Lati­nos mark Small Busi­ness Satur­day

Times-Herald (Vallejo) - - OPINION - — Alma Her­nan­dez/Board Chair of the Solano His­panic Cham­ber of Com­merce — Will Ozier/Va­cav­ille — Sharon McGriff Payne/ Vallejo

Lati­nos are lead­ing the na­tion in small busi­ness star­tups, ac­cord­ing to a new re­port from Con­gres­sional Joint Eco­nomic Com­mit­tee and the Con­gres­sional His­panic Cau­cus.

The study, re­leased ear­lier this year, notes that “Lati­nos are 1.7 times more likely to start businesses,” com­pared to other groups. Latino-owned businesses em­ploy 2.7 mil­lion Amer­i­cans and con­trib­ute more than $700 mil­lion to the econ­omy each year.

Cal­i­for­nia, as the state with the largest Latino pop­u­la­tion in the coun­try, is lead­ing this wave.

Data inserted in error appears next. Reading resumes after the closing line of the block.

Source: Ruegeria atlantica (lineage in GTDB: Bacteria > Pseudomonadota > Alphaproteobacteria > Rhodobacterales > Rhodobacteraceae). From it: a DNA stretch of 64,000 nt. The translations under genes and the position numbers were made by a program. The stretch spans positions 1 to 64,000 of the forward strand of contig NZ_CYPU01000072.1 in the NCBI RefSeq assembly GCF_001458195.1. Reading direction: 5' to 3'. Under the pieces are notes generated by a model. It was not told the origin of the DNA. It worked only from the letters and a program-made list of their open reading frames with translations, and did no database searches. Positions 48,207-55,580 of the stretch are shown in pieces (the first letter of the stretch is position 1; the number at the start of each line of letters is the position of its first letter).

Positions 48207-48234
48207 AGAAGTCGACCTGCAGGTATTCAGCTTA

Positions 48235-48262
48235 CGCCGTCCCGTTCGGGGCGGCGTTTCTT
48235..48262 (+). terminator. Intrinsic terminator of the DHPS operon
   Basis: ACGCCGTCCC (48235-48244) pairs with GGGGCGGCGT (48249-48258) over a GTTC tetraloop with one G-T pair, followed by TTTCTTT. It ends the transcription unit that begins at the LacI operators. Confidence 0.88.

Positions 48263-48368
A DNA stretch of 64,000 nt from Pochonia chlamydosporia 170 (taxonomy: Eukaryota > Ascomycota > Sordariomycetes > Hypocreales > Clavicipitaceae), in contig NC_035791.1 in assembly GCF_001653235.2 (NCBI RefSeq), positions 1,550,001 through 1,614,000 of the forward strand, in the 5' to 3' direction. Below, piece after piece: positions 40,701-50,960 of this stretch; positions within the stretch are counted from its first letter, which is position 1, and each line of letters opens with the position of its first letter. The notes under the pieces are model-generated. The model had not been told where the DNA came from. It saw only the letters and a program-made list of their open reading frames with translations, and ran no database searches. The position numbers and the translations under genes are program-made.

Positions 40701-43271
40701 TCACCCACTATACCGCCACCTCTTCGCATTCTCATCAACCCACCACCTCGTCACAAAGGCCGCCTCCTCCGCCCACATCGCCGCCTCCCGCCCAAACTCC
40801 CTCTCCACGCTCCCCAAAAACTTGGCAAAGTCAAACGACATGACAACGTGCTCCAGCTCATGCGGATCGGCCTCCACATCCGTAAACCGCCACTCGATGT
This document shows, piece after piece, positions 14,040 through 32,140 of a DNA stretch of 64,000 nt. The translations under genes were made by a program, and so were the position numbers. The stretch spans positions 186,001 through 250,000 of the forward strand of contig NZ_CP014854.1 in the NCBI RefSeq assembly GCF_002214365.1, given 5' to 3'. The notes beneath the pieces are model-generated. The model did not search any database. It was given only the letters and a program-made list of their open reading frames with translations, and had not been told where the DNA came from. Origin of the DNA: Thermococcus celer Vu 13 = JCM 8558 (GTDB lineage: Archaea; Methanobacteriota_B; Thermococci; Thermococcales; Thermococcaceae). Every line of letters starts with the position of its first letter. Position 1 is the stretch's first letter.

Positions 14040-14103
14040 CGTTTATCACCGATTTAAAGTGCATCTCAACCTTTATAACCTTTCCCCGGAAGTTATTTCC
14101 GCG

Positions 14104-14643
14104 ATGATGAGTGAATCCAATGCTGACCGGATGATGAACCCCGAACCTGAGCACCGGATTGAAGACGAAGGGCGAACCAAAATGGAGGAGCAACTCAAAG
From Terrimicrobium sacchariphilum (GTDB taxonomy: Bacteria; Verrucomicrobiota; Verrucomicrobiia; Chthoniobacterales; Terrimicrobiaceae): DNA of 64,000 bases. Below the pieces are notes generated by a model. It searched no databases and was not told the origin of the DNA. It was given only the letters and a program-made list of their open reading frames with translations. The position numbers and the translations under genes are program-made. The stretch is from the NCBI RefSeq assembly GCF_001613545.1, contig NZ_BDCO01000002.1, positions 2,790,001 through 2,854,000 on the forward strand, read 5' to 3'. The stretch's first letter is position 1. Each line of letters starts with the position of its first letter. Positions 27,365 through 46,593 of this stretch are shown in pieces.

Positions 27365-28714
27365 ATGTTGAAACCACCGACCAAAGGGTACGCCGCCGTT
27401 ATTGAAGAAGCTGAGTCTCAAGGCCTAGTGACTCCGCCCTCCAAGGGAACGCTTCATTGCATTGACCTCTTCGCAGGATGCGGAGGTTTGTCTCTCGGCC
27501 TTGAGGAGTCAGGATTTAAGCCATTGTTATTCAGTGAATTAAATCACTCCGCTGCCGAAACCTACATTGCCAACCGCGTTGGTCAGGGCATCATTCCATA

In Solano we are a liv­ing ex­am­ple of this new mo­men­tum around start-up and small busi­ness. In our county we ex­pe­ri­enced a 4 per­cent growth in businesses from 2017-18 and hope to have the same for this year. A large por­tion of that is small His­panic busi­ness own­ers.

I’m now in my sev­enth year on the board of the Solano County His­panic Cham­ber, and through­out my term I’ve been in­cred­i­bly proud to see Latino businesses grow and thrive.

When the cham­ber be­gan, it was out of a need to sup­port a pop­u­la­tion that was his­tor­i­cally un­der­served. While we still have a long way to go in achiev­ing full equity on that front, I’m proud to say that we’ve been able to start giv­ing back to the com­mu­nity in other ways as well — through schol­ar­ships, lead­er­ship train­ing for women, and busi­ness awards, to name a few.